People who go shopping for reasons to be offended need look no further: you’re idiots.
Context is everything, coupled with a bit of common sense is a good gauge of what’s reasonable or not. Vacuous MTV me-fest ‘Jersey Shore’, for example, made a good number of the Italian diaspora choke on their gnocci, suspecting quite rightly that these swaggering simpletons in enough hair gel to choke seagulls to death off the coast of Florida didn’t represent them, their history and their culture. The Italian diaspora were right, and the Italian diaspora are idiots too.
Italian-American identity is common currency in the US, it informs countless musicians, directors, actors and fuggedaboutit works of fiction, film and television. There’s a solid foundation of familiarity and knowledge in the English-speaking world from which we can all gaze in mortified bemusement at the simian capering of these permatanned shits as they shuffle charmlessly through their charmed lives. Nobody is in danger of going away thinking these people represent you – ‘Jersey Shore’ is pure titillation, low on inconvenient subtext and associated hand-wringing moral dilemmas that cause Guardian readers such sleepless nights.
In the UK, there’s no similar foundation to our knowledge of traveller culture, not even close. Instead we have alarmist tabloid newspapers, hand-me-down prejudice, ‘Snatch’, which returned the slur of ‘pikey’ to the tongues of otherwise worldly folk, and ‘My Big Fat Gypsy Weddings’. No doubt many Irish travellers, like an equal percentage of the great white underclass, have zero taste – for the former this manifests as the Disney-fuelled wedding attire captured in Channel 4’s ‘My Big Fat Gypsy Weddings’, and for the latter as the Nike tick shaved into the back of your head and children named after Premier League footballers and brands of aftershave.
To ‘My Big Fat…’s credit, they do smuggle a genuine sensitivity in under the billowing taffeta gowns and butterfly wings, the second episode dealing with the closure of a traveller site and the first talking about the culture’s strong morals and traditions. But without that foundation of knowledge these things get stand no chance of registering in the face of far flashier scenes, and it becomes an exercise in freakshow gawping at fashion faux pas and parochial tutting over young girls with suggestive dancing and revealing clothing, the latter more than negated by revelations in the first episode that traveller girls don’t go out unchaperoned, don’t drink before marriage and certainly don’t approach boys. Can you say the same about your daughter, sister, cousin or niece you sanctimonious hypocrite? By the standards of the average traveller you’re little better than a pimp, whoring their pink pre-teen virginity from school disco to Glee club, and back.
Travellers in Britain are an eclectic mix unique to these Isles, many descended from Irish travellers, the Pavee, with their own language and culture, and many descended from Romany who entered the country in the 19th Century – intermarriage and contact with Britain has left them as representative of those points as all in between. It’s not entirely accurate to refer to the subjects of ‘Big Fat Gypsy Weddings’ as ‘Irish travellers’, or as ‘Romany’, the former is accurate to a certain degree and the latter represents an even smaller group, which leaves us with the awkward sobriquet of ‘gypsies’. As faintly patronising a relic as that is, it’s immensely better than pikey – a hold-over from a way of thinking that should have died in the 1960s. What other word left in the English language refers to both a minority ethnic group and a set of stereotypical negative qualities associated with them? Would it be appropriate to call someone who’s tight with money a Jew, or accuse someone who smells of being French? No, that’s racism, and it’s only the widespread ignorance and proliferation of offensive misconceptions that allow this spectre to continue haunting conversation.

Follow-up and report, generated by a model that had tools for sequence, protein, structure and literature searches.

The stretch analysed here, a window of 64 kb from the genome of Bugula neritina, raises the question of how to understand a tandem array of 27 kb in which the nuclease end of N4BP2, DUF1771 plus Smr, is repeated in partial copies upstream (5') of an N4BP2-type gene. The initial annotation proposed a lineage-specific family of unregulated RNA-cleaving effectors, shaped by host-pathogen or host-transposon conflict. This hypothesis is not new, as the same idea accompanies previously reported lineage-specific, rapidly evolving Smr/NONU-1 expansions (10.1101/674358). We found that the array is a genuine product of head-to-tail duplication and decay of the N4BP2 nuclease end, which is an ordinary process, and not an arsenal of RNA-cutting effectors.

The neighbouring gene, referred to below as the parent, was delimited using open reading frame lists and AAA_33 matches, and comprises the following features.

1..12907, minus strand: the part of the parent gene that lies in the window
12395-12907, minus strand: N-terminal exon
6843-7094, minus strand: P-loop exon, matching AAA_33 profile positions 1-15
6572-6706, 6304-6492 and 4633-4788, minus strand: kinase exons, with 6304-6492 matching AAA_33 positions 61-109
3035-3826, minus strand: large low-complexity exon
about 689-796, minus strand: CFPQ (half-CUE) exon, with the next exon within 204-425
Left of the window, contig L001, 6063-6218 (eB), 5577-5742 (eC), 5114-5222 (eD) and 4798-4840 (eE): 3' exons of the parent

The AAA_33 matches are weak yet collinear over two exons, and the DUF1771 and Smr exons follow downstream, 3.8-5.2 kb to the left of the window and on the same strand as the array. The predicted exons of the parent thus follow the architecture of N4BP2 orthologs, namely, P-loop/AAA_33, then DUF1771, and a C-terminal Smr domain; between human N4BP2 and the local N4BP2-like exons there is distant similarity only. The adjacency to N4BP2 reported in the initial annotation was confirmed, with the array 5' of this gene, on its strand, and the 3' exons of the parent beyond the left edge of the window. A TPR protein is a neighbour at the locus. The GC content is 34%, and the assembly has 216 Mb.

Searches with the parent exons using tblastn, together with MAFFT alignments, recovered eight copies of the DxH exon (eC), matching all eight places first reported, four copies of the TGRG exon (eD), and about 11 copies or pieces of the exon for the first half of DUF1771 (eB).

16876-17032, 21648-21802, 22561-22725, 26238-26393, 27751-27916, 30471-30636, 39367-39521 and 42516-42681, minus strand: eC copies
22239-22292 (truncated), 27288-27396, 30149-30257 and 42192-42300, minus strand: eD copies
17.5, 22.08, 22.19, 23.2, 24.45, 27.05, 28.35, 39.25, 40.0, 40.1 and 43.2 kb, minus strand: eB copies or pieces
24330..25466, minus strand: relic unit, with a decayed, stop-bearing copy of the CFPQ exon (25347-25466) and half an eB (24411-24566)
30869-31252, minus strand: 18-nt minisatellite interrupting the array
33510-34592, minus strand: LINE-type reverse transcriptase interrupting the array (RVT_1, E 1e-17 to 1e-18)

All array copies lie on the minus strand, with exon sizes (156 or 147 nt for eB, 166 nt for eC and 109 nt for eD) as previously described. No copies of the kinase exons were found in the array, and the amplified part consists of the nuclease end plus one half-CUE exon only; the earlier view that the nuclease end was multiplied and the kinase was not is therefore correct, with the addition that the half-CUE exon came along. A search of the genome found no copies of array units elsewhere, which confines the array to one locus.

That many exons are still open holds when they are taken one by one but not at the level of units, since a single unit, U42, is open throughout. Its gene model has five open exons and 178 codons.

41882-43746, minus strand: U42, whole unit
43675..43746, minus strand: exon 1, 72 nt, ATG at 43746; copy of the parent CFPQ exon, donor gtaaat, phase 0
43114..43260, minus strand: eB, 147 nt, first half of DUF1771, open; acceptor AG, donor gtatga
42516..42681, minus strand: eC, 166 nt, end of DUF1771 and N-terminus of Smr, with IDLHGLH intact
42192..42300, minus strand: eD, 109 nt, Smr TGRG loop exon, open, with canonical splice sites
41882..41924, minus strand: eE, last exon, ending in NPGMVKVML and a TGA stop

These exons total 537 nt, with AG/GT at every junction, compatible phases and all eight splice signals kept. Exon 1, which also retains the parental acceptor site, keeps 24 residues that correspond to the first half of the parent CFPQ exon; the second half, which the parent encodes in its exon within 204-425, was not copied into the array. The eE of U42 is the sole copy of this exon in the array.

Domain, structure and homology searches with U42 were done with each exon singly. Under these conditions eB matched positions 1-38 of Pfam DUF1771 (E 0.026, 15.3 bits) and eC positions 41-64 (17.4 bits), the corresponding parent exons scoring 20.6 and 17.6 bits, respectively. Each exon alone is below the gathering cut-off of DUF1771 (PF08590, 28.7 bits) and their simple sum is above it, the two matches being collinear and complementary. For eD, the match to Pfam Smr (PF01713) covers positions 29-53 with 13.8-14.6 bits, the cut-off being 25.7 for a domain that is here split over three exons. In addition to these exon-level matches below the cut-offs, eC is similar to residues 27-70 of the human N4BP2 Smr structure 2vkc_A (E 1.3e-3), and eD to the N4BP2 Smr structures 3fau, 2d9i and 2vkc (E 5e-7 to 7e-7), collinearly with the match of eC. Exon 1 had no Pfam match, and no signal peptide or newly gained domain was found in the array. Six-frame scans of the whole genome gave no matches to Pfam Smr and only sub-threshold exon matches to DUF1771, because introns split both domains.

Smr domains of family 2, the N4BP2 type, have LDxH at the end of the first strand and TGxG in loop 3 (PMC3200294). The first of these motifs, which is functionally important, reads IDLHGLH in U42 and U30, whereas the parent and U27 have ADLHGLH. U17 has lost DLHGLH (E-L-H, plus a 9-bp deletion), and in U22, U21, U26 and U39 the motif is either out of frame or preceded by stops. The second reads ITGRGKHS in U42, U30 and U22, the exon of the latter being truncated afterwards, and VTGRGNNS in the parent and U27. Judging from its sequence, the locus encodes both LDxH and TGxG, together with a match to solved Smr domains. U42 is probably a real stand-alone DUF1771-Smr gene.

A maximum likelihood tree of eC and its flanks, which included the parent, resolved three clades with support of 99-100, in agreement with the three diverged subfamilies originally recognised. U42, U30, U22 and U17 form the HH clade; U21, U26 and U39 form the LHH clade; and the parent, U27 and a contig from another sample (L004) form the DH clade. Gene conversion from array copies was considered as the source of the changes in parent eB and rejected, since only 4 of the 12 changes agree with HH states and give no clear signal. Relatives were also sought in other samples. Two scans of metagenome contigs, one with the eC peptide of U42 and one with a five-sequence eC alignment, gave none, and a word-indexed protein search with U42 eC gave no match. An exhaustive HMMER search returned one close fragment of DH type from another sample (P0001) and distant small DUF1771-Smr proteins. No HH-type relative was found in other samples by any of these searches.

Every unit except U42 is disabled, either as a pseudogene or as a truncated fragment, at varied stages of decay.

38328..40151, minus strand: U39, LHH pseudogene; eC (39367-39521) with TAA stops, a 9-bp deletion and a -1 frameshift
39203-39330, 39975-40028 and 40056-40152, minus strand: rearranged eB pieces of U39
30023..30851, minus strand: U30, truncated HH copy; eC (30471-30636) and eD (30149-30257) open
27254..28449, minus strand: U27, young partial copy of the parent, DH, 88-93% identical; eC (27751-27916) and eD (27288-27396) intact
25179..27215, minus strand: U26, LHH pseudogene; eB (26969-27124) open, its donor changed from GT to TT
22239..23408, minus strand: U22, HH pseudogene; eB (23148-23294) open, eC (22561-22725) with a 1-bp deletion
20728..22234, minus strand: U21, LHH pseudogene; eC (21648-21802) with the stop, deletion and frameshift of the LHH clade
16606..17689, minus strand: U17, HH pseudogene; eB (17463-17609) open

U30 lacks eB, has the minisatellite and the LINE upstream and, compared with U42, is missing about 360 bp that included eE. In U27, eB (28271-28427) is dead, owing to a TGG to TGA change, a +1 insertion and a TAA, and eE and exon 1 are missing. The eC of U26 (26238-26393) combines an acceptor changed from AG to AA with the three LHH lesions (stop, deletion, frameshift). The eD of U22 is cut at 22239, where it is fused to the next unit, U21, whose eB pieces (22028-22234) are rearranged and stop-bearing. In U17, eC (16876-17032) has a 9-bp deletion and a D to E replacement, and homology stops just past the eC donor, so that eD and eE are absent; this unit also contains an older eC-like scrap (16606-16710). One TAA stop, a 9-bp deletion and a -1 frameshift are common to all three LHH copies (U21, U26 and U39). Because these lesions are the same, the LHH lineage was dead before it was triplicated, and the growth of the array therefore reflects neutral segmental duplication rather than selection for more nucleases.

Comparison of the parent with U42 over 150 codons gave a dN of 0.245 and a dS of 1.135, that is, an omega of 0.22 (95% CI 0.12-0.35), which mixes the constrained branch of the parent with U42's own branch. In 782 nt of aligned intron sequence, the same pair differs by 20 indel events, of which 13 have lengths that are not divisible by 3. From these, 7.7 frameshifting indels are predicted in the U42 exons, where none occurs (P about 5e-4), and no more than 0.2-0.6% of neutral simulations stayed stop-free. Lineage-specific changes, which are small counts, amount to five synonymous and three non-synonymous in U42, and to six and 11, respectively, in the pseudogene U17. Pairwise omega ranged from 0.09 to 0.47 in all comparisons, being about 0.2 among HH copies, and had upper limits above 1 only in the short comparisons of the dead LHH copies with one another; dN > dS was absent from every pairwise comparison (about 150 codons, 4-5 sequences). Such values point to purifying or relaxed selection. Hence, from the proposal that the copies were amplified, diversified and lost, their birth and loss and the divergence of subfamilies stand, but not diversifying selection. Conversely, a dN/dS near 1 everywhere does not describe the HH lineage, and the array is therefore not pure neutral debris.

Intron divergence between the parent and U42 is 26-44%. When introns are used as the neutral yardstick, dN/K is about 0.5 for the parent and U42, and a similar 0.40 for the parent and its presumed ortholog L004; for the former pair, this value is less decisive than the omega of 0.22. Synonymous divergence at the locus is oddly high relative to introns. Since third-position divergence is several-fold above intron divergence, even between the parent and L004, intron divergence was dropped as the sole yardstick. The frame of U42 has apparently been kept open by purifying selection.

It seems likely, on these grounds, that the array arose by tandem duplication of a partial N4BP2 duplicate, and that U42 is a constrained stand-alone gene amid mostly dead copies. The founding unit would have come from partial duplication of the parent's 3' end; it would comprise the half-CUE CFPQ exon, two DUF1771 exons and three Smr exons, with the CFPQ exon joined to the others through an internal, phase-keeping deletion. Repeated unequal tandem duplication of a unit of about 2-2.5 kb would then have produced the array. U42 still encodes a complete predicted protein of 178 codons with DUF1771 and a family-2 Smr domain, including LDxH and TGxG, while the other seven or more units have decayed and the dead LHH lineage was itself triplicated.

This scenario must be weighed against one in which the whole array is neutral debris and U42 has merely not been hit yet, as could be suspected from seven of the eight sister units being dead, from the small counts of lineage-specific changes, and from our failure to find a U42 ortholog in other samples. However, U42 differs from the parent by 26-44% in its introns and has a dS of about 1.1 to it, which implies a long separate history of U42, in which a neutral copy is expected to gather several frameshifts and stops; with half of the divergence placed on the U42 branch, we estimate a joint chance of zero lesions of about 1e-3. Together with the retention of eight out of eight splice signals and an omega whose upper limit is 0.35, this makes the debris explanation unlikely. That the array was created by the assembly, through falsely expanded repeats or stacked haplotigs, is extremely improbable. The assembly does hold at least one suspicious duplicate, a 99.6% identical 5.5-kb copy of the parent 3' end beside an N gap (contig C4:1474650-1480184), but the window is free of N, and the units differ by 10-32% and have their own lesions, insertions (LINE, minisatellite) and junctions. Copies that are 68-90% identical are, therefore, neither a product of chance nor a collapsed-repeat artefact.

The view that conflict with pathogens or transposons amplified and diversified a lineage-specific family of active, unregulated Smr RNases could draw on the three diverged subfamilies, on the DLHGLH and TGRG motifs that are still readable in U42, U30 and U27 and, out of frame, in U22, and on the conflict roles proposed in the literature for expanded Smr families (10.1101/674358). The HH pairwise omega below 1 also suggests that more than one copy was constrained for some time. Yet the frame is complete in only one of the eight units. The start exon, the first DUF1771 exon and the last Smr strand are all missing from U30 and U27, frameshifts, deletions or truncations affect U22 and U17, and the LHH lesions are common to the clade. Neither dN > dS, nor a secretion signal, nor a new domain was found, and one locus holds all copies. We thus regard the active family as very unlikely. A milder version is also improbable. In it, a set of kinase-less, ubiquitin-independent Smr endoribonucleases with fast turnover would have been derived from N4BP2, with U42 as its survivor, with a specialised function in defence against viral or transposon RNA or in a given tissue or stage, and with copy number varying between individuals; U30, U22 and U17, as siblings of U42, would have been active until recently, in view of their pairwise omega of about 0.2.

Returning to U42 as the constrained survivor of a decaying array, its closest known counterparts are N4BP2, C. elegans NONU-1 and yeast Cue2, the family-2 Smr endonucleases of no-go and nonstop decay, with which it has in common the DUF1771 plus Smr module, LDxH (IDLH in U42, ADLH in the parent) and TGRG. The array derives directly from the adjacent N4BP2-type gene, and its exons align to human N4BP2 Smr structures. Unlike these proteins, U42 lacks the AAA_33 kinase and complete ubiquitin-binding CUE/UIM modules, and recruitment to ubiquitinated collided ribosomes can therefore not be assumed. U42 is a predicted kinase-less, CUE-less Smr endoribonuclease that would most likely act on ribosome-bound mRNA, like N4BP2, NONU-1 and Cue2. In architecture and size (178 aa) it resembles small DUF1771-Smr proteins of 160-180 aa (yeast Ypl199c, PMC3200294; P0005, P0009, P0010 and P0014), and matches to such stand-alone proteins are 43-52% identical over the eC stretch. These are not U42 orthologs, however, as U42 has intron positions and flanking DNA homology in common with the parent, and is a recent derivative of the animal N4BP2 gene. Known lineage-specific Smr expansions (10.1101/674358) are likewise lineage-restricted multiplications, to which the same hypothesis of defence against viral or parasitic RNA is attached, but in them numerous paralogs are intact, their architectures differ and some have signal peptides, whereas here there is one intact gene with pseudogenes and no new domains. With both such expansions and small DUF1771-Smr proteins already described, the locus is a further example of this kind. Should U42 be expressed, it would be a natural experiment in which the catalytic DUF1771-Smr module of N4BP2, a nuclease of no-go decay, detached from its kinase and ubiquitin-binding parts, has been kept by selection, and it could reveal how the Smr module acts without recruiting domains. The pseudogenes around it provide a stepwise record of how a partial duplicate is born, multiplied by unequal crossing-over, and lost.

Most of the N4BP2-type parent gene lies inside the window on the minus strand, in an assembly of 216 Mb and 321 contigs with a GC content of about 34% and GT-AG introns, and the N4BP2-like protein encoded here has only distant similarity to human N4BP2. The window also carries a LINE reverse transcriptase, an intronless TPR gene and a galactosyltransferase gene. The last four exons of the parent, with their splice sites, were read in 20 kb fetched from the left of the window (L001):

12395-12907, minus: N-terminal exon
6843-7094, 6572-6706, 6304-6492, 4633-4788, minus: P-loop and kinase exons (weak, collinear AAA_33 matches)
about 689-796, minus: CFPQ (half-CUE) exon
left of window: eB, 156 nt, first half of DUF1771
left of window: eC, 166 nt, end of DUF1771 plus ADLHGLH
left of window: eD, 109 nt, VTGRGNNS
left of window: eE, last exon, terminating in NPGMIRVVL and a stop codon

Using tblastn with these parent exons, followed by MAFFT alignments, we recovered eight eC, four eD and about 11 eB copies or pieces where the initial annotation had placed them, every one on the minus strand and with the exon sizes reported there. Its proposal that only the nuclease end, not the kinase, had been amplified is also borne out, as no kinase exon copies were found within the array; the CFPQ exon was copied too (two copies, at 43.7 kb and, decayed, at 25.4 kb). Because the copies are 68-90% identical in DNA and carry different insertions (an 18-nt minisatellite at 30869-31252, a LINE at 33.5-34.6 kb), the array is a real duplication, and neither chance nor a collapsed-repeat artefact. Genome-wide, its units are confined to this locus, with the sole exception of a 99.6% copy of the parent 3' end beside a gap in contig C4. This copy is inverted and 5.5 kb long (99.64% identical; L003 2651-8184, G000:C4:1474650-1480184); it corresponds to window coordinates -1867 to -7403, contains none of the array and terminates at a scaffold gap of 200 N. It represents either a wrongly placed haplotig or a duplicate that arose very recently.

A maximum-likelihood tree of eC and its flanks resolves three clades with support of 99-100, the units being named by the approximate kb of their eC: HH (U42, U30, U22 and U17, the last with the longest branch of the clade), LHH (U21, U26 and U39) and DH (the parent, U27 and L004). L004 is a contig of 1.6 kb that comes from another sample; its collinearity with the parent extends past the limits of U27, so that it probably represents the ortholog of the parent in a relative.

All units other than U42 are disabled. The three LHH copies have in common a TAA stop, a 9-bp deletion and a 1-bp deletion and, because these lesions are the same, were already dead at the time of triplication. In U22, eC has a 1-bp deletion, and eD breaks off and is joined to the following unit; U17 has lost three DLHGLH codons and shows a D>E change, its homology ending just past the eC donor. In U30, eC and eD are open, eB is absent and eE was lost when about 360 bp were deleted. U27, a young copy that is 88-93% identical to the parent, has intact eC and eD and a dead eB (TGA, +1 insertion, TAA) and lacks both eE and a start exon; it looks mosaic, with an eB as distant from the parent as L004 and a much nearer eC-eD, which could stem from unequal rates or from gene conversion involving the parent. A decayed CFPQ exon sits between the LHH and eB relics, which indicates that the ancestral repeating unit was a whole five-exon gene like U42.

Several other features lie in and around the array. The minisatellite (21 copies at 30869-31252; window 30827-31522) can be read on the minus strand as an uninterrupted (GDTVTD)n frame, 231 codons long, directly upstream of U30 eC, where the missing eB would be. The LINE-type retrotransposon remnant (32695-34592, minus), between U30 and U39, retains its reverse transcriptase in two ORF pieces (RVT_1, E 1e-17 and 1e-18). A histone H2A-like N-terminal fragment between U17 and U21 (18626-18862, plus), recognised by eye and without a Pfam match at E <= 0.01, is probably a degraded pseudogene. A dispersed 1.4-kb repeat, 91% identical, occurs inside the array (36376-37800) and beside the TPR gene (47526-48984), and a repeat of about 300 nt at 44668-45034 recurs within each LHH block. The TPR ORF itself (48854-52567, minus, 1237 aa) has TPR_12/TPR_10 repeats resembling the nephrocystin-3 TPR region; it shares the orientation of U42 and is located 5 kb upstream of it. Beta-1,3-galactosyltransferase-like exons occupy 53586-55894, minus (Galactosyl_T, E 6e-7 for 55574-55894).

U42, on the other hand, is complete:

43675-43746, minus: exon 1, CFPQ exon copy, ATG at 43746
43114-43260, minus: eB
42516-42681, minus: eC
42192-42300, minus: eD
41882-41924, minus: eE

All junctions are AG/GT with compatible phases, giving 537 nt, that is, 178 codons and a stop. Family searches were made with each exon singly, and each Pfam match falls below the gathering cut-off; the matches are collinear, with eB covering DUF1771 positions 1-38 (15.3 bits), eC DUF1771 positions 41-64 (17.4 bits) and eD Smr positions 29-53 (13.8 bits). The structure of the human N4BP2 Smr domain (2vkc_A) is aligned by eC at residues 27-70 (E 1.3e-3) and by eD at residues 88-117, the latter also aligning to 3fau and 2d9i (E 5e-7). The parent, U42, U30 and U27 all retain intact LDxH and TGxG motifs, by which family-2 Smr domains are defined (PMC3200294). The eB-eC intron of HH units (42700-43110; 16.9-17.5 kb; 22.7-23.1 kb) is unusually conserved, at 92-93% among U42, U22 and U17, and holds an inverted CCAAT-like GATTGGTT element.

In mainland Europe, gypsies – of which the Roma are the most widely known – are in a bad way, forced to settle into sprawling ghettos in Eastern Europe by communist administrations, they remain locked in a cycle of poverty and alienation, while the society around them has moved on. Those who moved looking for a better life are being kicked out of France and Germany, and harrassed in Italy as a scapegoat for rising crime and unemployment, and the subject of abhorrent far right propaganda, legislation and hate crimes in Hungry, the Czech Republic, and almost every country in which they live. In 60-odd years since the Holocaust, known in Romany as the Porajmos or ‘devouring’, obliterated 220,000 to 1,500,000 of their number, conditions have scarcely improved and in Britain, despite boasting a gypsy population far less obviously ‘alien’ and far more in step with the dominant culture of shit music, brainless TV, subwoofers and spray-on tans, the situation is little better.
Tabloid papers continue to sneer and propagate racist stereotypes, councils insist on trapping communities in situations where they’re forced to break the law – often setting aside sites that are too small or worse, alongside landfill sites or blighted by open sewage, or denying them permission to settle at all – and otherwise intelligent people use pikey so painfully casually, out of ignorance that the word is as belittling and discriminatory as nigger, faggot or paki.
Until these things stop, or at least are countered by knowledge and understanding, ‘My Big Fat Gypsy Weddings’ isn’t harmless, trashy unreality TV. It’s on a par with ‘Til Death Do Us Part’ and ‘Rising Damp’, where the approving baying of intolerant thugs drowns out the egalitarian message hidden within, and an attempt to germinate understanding, far too subtle for its own good, becomes an unwitting rallying trumpet for discrimination and bigotry.